Prototype!

Once upon a time, every learning project was a big deal. If you wanted to go near a computer, you needed to draw up and elaborate business case, wait in line to do battle with the IT department, and get a lot of other people involved who were one or two steps away from the issues you were hoping to resolve.

Things have changed. You don’t have to be a techie to set up web-based applications. Web tools are easy enough to use that you can experiment with applications before committing to the whole enchilada. It takes only minutes to set up a blog, a wiki, or an online community. Most of the software and services you will use are free. If you’re a klutz, ask anyone under 20 to help you put it in place.

Put it out there; see if it works. Do it, try it, fix it. It takes so little to set up a prototype application that it justifies running lots of experiments before committing to one model. The way to succeed is to fail early and fail often.

One of my favorite social network examples was the result of two guys sitting on their back porch who realized lots of people could learn what was going on my listening to their conversation. Without asking permission, they set up a blog which became required daily reading for their fellow company commanders in Iraq.

You could go to wordpress.com this very minute and have a your own blog up and running in less time than it takes a drink a cup of coffee. What you write can be seen by the world — unless you want more privacy. You can click a box to deflect Google’s glaring gaze. You can restrict readership. You can select who can write. It’s easy.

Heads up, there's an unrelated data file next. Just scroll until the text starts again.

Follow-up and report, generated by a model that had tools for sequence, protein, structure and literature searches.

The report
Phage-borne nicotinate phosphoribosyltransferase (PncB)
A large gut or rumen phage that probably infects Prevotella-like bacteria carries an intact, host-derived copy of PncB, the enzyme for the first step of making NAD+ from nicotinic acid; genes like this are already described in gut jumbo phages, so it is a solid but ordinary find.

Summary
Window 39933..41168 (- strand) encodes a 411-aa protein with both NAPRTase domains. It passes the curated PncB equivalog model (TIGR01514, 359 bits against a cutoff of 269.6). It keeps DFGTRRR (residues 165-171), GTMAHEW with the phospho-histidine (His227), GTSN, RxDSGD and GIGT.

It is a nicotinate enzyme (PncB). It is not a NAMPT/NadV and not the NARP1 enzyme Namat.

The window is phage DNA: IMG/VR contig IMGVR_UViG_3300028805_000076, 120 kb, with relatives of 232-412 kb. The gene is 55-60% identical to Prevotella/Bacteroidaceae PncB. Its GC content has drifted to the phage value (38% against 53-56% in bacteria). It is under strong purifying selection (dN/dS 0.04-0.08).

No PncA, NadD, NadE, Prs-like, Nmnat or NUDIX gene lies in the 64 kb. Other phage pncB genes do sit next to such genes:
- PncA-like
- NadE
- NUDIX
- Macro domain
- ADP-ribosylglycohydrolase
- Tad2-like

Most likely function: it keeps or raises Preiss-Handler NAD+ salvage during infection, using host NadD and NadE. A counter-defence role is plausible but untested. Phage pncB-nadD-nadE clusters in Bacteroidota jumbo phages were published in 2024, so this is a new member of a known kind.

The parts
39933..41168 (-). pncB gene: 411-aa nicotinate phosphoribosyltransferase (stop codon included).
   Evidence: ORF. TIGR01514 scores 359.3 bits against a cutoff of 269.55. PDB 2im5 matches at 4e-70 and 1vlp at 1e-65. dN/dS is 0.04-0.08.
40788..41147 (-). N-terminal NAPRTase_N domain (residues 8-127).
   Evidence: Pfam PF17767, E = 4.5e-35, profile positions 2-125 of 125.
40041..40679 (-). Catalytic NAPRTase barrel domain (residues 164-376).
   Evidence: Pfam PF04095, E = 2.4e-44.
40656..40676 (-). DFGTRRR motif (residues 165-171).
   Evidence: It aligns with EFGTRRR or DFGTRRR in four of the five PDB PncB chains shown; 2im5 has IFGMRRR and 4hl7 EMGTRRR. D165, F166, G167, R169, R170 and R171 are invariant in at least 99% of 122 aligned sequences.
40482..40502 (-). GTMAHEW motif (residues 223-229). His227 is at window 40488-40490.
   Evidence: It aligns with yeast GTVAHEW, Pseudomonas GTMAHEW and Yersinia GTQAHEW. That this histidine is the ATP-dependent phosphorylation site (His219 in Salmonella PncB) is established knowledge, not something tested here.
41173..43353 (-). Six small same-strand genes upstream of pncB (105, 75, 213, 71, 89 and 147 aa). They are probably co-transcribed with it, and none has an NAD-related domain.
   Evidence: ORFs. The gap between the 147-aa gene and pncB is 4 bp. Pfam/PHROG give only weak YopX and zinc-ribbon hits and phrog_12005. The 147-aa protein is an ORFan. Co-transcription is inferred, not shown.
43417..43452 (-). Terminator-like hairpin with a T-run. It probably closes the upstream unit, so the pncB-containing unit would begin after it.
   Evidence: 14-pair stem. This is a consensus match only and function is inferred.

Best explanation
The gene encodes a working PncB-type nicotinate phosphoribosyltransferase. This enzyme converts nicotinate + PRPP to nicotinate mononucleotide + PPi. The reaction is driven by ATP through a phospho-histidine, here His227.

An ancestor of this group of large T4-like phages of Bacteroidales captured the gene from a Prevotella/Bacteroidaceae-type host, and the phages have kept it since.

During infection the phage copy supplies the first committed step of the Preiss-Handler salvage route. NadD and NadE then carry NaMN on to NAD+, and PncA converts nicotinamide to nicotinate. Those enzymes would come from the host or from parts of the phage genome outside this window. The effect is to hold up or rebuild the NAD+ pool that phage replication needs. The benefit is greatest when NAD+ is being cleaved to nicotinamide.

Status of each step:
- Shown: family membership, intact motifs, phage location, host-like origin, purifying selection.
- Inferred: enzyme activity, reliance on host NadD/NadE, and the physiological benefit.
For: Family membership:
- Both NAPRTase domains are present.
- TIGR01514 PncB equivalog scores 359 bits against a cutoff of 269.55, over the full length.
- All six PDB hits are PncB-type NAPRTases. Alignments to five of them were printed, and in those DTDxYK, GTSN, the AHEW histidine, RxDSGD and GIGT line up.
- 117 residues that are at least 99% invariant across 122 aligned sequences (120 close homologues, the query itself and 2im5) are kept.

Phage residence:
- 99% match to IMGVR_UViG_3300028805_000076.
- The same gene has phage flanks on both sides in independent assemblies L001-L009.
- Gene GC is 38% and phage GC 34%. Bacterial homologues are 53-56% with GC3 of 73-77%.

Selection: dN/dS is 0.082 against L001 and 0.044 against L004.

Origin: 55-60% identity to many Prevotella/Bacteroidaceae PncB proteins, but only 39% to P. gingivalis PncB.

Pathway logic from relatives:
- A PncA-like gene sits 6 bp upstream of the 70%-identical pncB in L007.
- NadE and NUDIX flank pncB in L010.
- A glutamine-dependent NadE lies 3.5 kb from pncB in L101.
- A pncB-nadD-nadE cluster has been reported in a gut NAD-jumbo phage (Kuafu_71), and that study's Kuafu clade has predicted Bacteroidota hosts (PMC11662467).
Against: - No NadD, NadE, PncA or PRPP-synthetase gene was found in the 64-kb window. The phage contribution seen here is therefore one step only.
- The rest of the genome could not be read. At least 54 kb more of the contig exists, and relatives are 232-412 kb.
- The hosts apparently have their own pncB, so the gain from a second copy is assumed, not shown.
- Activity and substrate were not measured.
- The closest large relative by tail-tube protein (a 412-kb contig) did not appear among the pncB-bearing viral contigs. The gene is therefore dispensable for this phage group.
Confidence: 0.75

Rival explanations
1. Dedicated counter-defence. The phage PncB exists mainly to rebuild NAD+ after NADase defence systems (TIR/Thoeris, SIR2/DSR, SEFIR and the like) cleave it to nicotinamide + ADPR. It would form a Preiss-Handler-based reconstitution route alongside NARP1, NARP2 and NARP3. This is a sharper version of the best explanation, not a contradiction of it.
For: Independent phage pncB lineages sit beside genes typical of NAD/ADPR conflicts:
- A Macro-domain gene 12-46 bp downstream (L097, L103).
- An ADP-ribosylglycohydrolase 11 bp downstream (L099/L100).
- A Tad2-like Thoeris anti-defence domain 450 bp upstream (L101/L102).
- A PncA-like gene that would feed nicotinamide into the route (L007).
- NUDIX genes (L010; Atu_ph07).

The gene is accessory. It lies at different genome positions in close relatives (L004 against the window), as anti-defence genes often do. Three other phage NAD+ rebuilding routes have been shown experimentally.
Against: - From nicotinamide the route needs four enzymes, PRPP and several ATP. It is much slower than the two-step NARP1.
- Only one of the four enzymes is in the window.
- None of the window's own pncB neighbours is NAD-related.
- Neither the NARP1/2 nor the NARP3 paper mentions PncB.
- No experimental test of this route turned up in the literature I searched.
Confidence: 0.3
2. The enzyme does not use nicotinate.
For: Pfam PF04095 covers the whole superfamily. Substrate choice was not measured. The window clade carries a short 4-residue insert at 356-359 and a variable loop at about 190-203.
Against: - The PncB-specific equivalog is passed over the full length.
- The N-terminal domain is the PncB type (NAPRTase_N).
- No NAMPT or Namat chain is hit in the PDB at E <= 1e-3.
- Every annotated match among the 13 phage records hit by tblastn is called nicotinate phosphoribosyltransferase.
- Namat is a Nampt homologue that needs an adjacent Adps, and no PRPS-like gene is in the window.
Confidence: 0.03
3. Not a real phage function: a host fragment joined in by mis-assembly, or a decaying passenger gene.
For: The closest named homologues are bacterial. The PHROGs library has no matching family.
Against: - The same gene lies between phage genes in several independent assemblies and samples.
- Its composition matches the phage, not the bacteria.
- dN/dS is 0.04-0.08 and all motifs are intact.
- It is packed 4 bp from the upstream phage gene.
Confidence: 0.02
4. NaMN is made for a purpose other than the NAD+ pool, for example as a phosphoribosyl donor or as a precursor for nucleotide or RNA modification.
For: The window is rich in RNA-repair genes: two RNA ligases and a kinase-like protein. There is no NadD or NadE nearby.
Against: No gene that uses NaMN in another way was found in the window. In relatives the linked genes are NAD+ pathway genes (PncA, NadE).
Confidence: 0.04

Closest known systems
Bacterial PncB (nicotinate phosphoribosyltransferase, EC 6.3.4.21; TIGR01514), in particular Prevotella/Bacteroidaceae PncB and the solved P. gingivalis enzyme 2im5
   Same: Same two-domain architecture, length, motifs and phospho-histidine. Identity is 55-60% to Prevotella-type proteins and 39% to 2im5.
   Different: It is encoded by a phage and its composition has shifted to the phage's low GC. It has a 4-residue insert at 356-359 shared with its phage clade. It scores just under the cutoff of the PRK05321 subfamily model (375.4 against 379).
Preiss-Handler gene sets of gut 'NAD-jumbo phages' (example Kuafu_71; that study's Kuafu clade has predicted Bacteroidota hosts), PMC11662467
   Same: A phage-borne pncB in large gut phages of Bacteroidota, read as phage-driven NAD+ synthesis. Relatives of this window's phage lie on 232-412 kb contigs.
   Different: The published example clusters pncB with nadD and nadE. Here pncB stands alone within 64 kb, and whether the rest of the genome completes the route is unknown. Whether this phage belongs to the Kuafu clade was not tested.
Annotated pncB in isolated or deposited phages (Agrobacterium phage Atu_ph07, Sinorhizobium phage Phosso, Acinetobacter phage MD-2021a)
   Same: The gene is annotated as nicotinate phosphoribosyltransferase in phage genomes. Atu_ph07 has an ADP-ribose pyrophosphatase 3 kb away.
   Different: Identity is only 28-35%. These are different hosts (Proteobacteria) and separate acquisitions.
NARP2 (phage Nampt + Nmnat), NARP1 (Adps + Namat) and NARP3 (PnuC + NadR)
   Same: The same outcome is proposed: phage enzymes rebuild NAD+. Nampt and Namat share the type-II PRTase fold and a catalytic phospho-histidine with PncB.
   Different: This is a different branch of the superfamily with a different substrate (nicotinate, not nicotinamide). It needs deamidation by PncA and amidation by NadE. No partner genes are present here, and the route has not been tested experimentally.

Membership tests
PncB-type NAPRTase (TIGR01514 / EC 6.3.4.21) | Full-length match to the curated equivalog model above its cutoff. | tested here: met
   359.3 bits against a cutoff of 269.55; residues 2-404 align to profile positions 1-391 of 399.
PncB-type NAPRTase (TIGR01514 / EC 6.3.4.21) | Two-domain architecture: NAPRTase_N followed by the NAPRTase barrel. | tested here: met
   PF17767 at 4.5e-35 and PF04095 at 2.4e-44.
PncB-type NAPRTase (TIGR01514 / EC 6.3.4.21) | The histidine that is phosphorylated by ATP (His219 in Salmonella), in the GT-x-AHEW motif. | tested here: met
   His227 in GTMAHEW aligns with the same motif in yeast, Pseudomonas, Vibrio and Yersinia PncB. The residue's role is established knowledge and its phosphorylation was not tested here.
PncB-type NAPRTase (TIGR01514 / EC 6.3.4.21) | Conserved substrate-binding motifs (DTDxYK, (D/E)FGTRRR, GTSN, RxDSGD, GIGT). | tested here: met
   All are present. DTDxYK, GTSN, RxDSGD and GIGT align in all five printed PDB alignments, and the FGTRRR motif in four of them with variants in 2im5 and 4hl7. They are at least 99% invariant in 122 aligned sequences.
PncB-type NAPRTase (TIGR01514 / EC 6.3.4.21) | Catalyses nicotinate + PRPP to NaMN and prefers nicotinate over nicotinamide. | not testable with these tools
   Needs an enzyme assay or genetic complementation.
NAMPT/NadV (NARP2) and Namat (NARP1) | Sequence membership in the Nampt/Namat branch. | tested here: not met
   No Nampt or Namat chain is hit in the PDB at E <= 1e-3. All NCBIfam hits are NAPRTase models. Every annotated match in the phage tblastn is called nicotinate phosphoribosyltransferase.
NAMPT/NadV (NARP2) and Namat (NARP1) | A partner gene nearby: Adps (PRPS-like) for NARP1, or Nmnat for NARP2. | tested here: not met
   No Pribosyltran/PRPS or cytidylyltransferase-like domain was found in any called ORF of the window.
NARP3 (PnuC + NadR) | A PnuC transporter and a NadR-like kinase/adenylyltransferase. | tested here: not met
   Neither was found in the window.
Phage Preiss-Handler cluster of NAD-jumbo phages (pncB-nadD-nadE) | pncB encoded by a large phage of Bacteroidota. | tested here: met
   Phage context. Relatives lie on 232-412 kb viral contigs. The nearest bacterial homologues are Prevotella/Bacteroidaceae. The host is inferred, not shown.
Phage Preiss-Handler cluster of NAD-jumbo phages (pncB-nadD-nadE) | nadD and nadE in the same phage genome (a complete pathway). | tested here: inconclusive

Just do it!

It’s easy to say but if this is new, it’s out of your comfort zone. It’s not just you.

Luiz Algarra told me a story about trying to coax professionals to try blogging. He asked everyone to make a blog entry; no one did. He instructed them to take a sheet of paper and write out something interesting that had happened to them. Then he asked them to pass their papers to the next person and write a comment or observation on the bottom of each person’s paper. During a break, he posted all the papers on the wall. When people returned, he announced, “See? This is the blogosphere.” He asked them each to write an entry in their blog that evening. Guess what happened. No one did. They did not see the relevance of technology to their lives. They will lead sub-optimal professional lives.

The web is the way of the future; you might as well get on the train before it picks up more speed. Take a baby step. Go to wordpress.com. Open your blog. Write whatever’s on your mind. (No one else has to know.) Come back the next day, and do it again. Before you know it, you’ll have your sea legs.